MANILA (Reuters) - Philippine President Rodrigo Duterte should not be compared to Adolf Hitler, and his reference to the Holocaust was an “oblique deflection” of claims he is a mass murderer, his spokesman said on Saturday, as anger smouldered over his incendiary remarks.
Duterte’s comments on Friday that he wished to kill millions of drug dealers as part of his anti-narcotics war, and those he made about the deaths of millions of Jews, were “two entirely different things”, Ernesto Abella said in one of two statements, which stopped short of an apology.
“The president’s reference to the slaughter was an oblique deflection of the way he has been pictured as a mass murderer, a Hitler, a label he rejects,” Abella said.
“He likewise draws an oblique conclusion, that while the Holocaust was an attempt to exterminate the future generations of Jews, the so-called ‘extra-judicial killings’, wrongly attributed to him, will nevertheless result in the salvation of the next generation of Filipinos.”
The maverick 71-year-old president appeared to liken himself on Friday to the Nazi leader, and said he would “be happy to slaughter” three million Filipino drug users and peddlers, adding that he had been portrayed by critics as “a cousin of Hitler”.
“If Germany had Hitler, the Philippines would have ...,” he said, pausing and pointing to himself.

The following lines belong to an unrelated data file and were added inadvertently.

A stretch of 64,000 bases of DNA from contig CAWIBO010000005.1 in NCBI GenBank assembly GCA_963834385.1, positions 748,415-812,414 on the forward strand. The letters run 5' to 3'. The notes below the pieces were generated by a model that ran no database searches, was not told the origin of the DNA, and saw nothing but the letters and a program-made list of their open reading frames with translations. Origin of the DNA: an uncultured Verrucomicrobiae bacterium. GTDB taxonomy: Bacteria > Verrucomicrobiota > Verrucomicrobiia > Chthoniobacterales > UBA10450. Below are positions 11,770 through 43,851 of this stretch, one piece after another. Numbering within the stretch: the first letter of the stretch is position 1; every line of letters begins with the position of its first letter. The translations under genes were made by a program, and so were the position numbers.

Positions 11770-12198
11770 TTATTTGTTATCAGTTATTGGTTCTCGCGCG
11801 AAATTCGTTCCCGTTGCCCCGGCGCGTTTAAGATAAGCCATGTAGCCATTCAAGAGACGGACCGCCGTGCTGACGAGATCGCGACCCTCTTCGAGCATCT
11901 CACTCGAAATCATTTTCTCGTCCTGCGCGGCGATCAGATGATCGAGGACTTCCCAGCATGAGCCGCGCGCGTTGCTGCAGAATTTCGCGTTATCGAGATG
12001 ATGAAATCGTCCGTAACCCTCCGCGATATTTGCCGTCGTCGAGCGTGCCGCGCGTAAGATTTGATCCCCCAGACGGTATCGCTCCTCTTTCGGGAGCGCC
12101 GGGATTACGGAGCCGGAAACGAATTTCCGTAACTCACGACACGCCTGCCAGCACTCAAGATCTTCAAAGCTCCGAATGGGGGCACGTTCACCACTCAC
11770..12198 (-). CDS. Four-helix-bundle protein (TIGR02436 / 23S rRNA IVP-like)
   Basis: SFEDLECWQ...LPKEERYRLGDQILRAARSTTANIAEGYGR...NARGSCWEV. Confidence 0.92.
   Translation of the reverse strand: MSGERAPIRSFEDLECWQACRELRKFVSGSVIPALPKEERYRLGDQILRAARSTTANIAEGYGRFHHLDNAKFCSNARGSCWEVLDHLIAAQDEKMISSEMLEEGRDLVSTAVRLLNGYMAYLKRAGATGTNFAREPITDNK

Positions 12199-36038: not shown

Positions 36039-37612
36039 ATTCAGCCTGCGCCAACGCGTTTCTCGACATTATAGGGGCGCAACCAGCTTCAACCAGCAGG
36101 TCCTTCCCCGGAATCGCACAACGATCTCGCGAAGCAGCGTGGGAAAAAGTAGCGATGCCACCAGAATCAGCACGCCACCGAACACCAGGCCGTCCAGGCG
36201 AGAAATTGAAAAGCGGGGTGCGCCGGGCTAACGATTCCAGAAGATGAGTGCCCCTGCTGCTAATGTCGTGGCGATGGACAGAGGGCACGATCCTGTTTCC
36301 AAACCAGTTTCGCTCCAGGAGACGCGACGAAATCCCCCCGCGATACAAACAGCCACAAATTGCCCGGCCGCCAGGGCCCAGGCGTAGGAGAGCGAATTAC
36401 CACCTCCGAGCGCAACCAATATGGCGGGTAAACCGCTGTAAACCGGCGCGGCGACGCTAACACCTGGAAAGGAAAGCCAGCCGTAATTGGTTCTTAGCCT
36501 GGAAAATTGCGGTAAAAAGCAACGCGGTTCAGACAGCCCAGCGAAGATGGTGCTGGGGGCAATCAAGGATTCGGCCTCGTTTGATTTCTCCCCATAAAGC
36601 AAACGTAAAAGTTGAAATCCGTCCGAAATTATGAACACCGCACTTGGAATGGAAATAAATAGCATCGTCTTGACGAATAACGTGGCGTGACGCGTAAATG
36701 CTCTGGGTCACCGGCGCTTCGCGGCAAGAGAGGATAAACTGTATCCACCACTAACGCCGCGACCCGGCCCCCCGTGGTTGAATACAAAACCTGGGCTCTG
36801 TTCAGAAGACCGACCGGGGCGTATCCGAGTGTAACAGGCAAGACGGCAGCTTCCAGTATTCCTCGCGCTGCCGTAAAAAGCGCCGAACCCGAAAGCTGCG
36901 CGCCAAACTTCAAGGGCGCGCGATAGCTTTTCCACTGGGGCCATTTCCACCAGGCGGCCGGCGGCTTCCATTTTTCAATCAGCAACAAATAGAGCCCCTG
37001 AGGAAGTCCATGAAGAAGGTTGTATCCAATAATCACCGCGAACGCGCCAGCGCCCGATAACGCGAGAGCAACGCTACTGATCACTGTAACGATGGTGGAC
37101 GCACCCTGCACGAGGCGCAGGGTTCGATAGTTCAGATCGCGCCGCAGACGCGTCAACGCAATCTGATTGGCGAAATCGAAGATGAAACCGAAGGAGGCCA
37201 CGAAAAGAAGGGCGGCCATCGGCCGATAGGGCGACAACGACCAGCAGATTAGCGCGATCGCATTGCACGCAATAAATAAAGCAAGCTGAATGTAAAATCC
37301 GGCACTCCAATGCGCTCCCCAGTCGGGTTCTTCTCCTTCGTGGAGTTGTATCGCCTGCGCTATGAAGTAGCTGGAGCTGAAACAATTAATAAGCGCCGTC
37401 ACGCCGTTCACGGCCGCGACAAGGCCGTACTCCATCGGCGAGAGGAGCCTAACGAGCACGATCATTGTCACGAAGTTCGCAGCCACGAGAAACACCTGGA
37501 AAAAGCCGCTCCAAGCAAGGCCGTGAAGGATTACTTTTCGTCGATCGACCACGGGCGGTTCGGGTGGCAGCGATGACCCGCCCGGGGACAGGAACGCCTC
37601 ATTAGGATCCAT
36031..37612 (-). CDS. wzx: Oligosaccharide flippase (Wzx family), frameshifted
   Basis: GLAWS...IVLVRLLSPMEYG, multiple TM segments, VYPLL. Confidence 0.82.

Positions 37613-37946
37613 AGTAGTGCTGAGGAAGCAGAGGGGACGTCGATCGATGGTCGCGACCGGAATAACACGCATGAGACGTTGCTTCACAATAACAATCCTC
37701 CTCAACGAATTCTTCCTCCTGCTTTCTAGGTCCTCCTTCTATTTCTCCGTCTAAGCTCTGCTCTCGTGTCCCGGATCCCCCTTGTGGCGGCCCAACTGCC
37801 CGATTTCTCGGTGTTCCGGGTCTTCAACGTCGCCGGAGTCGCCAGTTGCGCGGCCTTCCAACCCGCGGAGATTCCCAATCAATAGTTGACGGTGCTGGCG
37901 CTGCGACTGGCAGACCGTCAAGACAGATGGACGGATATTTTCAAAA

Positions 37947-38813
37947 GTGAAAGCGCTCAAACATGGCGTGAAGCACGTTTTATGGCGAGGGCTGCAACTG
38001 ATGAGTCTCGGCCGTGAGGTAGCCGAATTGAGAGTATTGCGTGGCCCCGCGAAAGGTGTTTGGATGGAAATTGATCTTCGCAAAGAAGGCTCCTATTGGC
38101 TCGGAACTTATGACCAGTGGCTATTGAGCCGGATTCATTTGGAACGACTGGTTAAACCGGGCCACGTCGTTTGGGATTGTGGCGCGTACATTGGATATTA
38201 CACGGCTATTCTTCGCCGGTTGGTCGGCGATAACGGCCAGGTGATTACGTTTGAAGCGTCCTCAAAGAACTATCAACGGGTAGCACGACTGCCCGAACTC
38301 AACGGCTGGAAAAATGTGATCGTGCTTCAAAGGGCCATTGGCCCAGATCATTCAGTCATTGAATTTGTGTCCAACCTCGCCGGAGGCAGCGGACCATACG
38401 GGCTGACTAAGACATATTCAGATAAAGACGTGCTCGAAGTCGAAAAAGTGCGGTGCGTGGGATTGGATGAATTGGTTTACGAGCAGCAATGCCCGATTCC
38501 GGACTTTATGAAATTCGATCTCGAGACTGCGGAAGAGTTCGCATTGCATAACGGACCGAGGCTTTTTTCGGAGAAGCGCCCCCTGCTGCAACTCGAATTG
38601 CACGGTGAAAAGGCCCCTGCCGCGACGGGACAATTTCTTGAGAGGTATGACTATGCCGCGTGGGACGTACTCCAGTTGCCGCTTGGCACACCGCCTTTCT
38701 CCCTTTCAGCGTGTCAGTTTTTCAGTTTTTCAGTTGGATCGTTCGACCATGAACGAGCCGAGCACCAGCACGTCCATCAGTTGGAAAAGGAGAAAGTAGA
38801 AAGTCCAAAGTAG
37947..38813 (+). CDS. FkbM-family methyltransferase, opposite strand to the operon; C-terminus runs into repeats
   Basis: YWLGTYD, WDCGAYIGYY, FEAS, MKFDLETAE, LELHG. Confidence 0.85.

More than 3,100 people have been killed since “Duterte Harry”, as he has been dubbed, took office on June 30 and kicked off a drugs war that was the bedrock of his election campaign.
Most of those killed were drug users and dealers, with some deaths during shootouts in police operations and others the work of vigilantes, police say.
The near-daily tide of astonishing remarks from Duterte has caused outrage in the West, although he is popular among Filipinos for delivering on promises as president and as mayor of the city of Davao for 22 years before that.
The Hitler comments triggered shock and anger among Jewish groups in the United States, which pressured Washington to take a tougher line with the unpredictable leader of a country that has long been a dependable U.S. ally.
Abella said Duterte recognised the deep significance of the Holocaust and said that the initial comparison to Hitler “did not originate from the president”.
“The (presidential) palace deplores the Hitler allusion of President Duterte’s anti-drug war as another crude attempt to vilify the president in the eyes of the world.”
Duterte was elected in May on the back of a vow to end endemic problems of drugs and corruption in the country of 100 million people.
When challenged about the drugs deaths, he has insulted U.S. President Barack Obama, United Nations Secretary-General Ban Ki-moon, among others, and the bulk of his criticism has been levelled at Washington.
U.S. defence and diplomatic officials have responded by saying their relationships with their Philippine counterparts will remain business as usual.
Many analysts say Duterte’s meteoric rise to the presidency will not only change the status quo in the Philippines, but may also impact geopolitics and how far he is willing to test partnerships with countries like Japan, the United States and, most recently, Vietnam.
Closely watched will be the extent of his overtures towards China.
Duterte has said that the Philippines, a longtime U.S. treaty ally, was seeking to build “many news alliances” and could turn to Russia and China for help, including on tackling his country’s drug problem.
Reporting by Karen Lema; Writing by Martin Petty; Editing by Mike Collett-White